Escape Room is a fast-moving thriller with a lot of potential, plenty of violence and adrenaline, yet surprisingly no real gore. This film will likely send people running to get their chance at an escape room near them!
I love escape rooms. I’ve been to at least ten different scenarios and some I got out of in the time limit, some I didn’t. The concept is simple; We are put in a life or death situation and it takes some thinking and searching to figure our way out in an hour. I love working on the puzzles and looking for clues. It is a great use of brain power and can be very fulfilling. I also must admit though, I have gotten very annoyed at teammates who either didn’t take it seriously or were bad at it. They are usually just in the way.
In a case such as this film, they would either die or cause us all to fail. In real entertainment escape rooms, it’s ok, it’s just an innocent game. Even if we are locked in a prison, a serial killer’s house, a mortuary or in a room with a zombie, it is still just a game. In the film Escape Room – it is literally life or death.
Adam Robitel’s thriller Escape Room is a fun version of Saw in a twisted sort of way. Saw, fun, you say? Let me explain. This film is just as life or death as any Saw film, but without the gore. With a PG13 rating we see people die, but do not have the blood and guts to go with it. Being a hard-core horror fan, I’m not sure about that part, it takes away from the horror in a horror movie, but for the most part, I enjoyed this film.
The film begins in a place that surprised me- it gives away immediately (or does it?) what kind of an antagonist we are dealing with, as we watch a young man try to get out of an elaborately decorated study. He is panicked, injured and running out of time. As the room closes in and crushes him, we realize whatever is going to happen, going forward, the cast better be good at puzzles.
One by one we meet the recipients of a package with an unusual box inside. Each person has to figure out how this puzzle box opens, where inside they find an invitation to an escape room at the mysterious Minos building in Chicago. With the offer of a $10,000 prize for the winner, they all accept the invitation.
No horror flick would be complete if we didn’t have the usual group of mismatched people, thrown together for reasons we will not know until later. We have the arrogant stockbroker Jason, (Jay Ellis) who automatically thinks he is charge, the super smart girl Zoey, (Tayler Russell) the dorky truck driver Mike, (Tyler Labine) the nerd kid Danny, (Nik Dodani) the athletic military hero Amanda, (Deborah Ann Woll) and the drunk young slacker Ben. (Logan Miller) Ben oddly enough is the guy from the study who was busy being crushed at the beginning. Maybe he’s not such a slacker if he got to the end?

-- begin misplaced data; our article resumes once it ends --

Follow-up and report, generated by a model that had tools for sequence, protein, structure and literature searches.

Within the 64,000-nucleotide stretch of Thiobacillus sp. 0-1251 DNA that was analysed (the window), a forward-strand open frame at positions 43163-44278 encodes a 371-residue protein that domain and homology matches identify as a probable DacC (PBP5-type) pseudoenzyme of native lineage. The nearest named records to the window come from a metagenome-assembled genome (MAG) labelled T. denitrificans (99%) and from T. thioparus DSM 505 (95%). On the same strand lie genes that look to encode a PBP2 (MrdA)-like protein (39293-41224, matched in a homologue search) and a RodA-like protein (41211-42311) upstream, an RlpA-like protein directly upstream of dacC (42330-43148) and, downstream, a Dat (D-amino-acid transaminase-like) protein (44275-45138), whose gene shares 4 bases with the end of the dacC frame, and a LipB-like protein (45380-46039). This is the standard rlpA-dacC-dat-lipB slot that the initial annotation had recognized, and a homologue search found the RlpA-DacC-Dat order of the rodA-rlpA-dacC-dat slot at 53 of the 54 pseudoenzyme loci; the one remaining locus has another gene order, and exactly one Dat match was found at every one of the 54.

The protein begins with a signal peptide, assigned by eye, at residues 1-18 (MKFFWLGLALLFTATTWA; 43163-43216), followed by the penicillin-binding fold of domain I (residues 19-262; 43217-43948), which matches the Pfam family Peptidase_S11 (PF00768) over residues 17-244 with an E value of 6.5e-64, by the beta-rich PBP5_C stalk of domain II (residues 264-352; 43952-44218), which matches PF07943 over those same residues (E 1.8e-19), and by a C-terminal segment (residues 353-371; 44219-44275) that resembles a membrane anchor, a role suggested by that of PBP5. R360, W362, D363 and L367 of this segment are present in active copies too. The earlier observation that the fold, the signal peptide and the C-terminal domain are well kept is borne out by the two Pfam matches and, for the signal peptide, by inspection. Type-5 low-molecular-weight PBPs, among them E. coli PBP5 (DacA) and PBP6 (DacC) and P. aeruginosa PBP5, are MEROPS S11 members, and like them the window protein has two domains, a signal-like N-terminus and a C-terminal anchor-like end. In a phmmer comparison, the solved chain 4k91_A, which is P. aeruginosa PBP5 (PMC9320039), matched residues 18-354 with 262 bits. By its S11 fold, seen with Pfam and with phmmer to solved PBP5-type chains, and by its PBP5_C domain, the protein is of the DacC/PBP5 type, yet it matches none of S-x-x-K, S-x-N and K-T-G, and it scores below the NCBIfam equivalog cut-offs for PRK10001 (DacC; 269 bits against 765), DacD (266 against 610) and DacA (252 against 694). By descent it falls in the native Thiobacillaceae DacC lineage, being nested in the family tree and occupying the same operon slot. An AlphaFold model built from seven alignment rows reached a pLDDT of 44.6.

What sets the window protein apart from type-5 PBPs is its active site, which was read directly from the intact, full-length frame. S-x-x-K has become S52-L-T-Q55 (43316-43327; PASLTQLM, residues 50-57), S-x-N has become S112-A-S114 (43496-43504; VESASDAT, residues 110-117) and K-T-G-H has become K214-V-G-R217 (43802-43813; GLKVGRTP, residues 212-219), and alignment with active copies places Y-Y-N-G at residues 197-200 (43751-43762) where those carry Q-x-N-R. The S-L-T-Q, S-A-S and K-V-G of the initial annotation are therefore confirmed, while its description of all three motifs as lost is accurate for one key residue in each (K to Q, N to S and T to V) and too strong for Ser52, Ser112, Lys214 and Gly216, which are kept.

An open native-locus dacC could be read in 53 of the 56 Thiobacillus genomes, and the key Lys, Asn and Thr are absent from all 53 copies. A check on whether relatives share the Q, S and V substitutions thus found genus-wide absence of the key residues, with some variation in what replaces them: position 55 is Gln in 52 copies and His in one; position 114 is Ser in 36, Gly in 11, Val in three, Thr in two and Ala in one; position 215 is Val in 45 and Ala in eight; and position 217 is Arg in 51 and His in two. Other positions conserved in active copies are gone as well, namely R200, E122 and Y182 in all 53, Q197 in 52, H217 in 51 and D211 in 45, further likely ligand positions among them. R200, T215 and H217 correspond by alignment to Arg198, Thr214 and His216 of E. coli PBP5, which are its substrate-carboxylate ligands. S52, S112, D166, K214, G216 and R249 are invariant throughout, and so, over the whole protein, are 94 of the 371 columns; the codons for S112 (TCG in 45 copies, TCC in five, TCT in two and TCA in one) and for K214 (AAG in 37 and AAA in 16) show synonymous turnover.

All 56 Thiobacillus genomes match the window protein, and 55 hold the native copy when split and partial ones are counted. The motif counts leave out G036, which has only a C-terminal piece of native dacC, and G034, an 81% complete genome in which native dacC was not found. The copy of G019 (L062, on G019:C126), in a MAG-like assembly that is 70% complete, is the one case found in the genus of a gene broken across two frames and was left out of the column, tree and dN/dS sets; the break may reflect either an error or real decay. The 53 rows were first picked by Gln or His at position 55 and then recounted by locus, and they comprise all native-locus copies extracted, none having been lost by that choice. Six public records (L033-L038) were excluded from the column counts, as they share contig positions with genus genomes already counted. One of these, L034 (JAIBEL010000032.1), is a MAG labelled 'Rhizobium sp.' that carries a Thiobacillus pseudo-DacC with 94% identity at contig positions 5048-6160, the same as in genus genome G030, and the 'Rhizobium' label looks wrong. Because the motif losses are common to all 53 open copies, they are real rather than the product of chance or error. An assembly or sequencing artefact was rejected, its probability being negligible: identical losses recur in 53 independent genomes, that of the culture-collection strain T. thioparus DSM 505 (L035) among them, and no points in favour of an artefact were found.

In the real world of escape games, this would not be a bad group. Everyone has a different skill set, and that’s helpful in a game where you never know what will be asked of you and have no idea what the rules are. We have no idea why this particular group was chosen at first, and it’s interesting as they realize the game has been designed with each of them specifically in mind. They need each other to solve the puzzles, yet only one of them can win the cash prize.
One of my favorite parts of this film is the set designs for the rooms. Remember this is inside of a huge building in Chicago and they will be going into some of the most complex and interesting escape room areas that I have ever seen. Now I don’t want a life or death immersive experience for real, but wow, I’d love to go to an escape room this beautifully designed.
The hapless players start out in what is obviously a waiting room. As they all settle in and get tired of waiting, they realize the game may have already begun. Luckily our nerd guy Danny has been to almost every escape room in the city and is their guide into how these things are supposed to go. At that point, things start getting hot, literally, and they almost run out of time in the very first room. From hot to hyperthermia, upside down to right side up, the participants in the ingenious, killing machine realize this is serious. Bits of their stories emerge, and we find out what they have in common. Their backstories are very detailed and there is an entire room dedicated to telling those stories. Figuring out that the designer knows everything about them and has used this to his or her advantage scares, yet begins to help them. All of them have suffered terrible trauma and loss, and the rooms take all those demons into account.
The stakes are high, and the action is intense. I dare not tell too much, lest I give away secrets that could spoil the experience. This is in no way a normal escape room and they all soon realize they are playing for their lives.
Escape Room manages to take a story about a trending fad and make it fun and suspenseful. How anyone could know so much about any individual that they could exploit them to this point is almost the scariest thing about it. Who is watching them, and how do they know the most detailed things about each of the individuals’ lives?
I am not sure how I feel about the end. Just as we think we know everything and will get the big reveal, it becomes obvious we are being set-up, exactly like the Saw franchise, for a series of sequels. I would hate that normally, but I really loved the clever rooms, the hint as to the next incredible escape room, and would not be against seeing more.
Escape Room is out on DVD and Blu-ray, which has a ton of bonus content and deleted scenes. I thought it was a pretty cool film. I hope you do too.
Notify me of follow-up comments by email.
Notify me of new posts by email.